- The Washington Times - Wednesday, December 19, 2018

President Trump is on the verge of the biggest bipartisan victory of his presidency as Congress puts the finishing touches on a major overhaul of the criminal justice system, a political feat that also gives him a strong argument to take to minority communities in 2020.

The changes, which include cutting prison sentences for thousands of federal inmates, are expected to win final approval in the House this week and go to Mr. Trump, who is eager to sign it into law.

Mr. Trump will score a win that eluded his predecessor, Barack Obama, in reducing long mandatory minimum sentences and other guidelines that for decades were blamed for disparate treatment of minorities, such as punishing crack cocaine violations with imprisonment 18 times longer than for powder cocaine.

The legislation, dubbed the First Step Act, also expands job training programs to reduce recidivism, increases “good time credits” earned by inmates and relaxes the “three strikes” rule to allow judges to sentence repeat offenders to 25 years instead of mandatory life behind bars.

The president helped exert pressure on Senate Republicans to get the bill moving, and his son-in-law and top adviser, Jared Kushner, spearheaded the effort.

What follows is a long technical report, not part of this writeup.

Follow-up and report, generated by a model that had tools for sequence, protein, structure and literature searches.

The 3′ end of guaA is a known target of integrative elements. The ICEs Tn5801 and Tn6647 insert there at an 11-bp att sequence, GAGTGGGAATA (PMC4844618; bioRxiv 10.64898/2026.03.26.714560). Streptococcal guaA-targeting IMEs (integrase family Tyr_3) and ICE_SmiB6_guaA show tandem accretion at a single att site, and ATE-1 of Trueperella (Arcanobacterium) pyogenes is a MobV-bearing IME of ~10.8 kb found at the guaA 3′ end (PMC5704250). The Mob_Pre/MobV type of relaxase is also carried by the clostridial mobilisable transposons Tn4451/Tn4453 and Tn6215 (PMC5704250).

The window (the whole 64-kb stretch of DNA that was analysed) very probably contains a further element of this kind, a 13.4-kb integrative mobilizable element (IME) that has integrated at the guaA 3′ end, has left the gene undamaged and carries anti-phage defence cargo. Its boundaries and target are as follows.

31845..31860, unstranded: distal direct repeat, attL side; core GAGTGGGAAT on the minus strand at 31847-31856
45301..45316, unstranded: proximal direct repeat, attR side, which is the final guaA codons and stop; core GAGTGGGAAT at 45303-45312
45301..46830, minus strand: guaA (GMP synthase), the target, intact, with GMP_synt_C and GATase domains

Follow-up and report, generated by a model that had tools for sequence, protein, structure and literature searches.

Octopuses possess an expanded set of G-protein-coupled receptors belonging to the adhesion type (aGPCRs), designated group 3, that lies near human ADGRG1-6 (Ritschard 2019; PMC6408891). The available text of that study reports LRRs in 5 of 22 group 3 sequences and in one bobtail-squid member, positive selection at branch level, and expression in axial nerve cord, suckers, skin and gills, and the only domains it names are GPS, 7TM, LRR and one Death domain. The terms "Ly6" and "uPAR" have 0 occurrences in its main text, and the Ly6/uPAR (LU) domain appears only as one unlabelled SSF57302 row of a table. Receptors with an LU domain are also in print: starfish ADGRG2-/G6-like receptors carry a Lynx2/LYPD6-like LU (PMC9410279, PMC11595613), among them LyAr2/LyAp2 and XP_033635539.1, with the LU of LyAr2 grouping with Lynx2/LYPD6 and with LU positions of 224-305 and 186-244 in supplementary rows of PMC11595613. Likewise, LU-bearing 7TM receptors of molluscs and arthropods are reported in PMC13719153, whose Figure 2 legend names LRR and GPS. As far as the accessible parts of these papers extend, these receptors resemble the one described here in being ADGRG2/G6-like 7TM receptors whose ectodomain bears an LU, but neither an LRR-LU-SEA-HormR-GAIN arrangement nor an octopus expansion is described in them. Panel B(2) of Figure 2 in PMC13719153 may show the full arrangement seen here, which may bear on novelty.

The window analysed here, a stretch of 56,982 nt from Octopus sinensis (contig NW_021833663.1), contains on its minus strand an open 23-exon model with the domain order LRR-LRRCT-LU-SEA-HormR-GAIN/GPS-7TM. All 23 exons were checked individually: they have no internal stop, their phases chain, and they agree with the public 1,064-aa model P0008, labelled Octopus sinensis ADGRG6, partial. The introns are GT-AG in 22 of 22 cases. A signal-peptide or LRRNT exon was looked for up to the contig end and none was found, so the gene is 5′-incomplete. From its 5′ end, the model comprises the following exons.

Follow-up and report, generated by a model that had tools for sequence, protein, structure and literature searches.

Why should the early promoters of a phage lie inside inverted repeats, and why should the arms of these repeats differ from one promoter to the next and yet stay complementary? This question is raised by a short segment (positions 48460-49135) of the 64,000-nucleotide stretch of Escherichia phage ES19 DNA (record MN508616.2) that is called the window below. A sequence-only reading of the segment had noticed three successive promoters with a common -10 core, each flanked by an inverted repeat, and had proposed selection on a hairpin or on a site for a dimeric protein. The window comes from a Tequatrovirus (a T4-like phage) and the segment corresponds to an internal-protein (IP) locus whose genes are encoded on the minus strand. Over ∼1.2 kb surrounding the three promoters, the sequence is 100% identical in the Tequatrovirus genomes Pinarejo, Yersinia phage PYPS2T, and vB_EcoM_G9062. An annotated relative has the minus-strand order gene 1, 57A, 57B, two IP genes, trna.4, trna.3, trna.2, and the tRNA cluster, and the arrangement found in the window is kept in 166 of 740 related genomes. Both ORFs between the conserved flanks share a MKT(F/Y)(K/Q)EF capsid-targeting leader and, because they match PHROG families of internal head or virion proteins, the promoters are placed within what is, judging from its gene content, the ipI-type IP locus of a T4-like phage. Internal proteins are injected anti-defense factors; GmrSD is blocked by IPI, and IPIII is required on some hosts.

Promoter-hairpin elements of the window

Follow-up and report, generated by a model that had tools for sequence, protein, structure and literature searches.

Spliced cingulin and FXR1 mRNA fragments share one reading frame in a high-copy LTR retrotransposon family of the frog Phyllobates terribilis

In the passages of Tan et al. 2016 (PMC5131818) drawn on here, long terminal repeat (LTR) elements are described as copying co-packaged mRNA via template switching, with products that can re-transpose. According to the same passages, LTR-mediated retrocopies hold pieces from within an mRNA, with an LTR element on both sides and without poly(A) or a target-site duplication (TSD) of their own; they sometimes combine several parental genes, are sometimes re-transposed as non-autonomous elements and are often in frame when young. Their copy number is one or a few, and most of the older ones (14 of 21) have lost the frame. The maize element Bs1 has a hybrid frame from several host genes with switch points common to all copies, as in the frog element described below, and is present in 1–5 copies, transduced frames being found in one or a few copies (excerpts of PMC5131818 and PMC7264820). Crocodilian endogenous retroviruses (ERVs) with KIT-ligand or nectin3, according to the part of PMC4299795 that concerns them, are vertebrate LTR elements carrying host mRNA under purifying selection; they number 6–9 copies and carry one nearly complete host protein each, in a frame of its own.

The bill passed the Senate in an 87-12 vote Tuesday night and sent it to the House for a final vote.

“America is the greatest Country in the world and my job is to fight for ALL citizens, even those who have made mistakes. Congratulations to the Senate on the bi-partisan passing of a historic Criminal Justice Reform Bill,” Mr. Trump tweeted.

Critics on the left said the bill didn’t go far enough, but even Mr. Trump’s fiercest political opponents acknowledged the breakthrough.

“This bipartisan legislation will help create a more fair and just criminal justice system. It is an important step forward, but the work must continue,” tweeted Democratic National Committee Chairman Tom Perez.

The law would potentially affect the 180,789 people in federal prisons and future inmates, not those locked up in state penitentiaries, who total more than 2 million.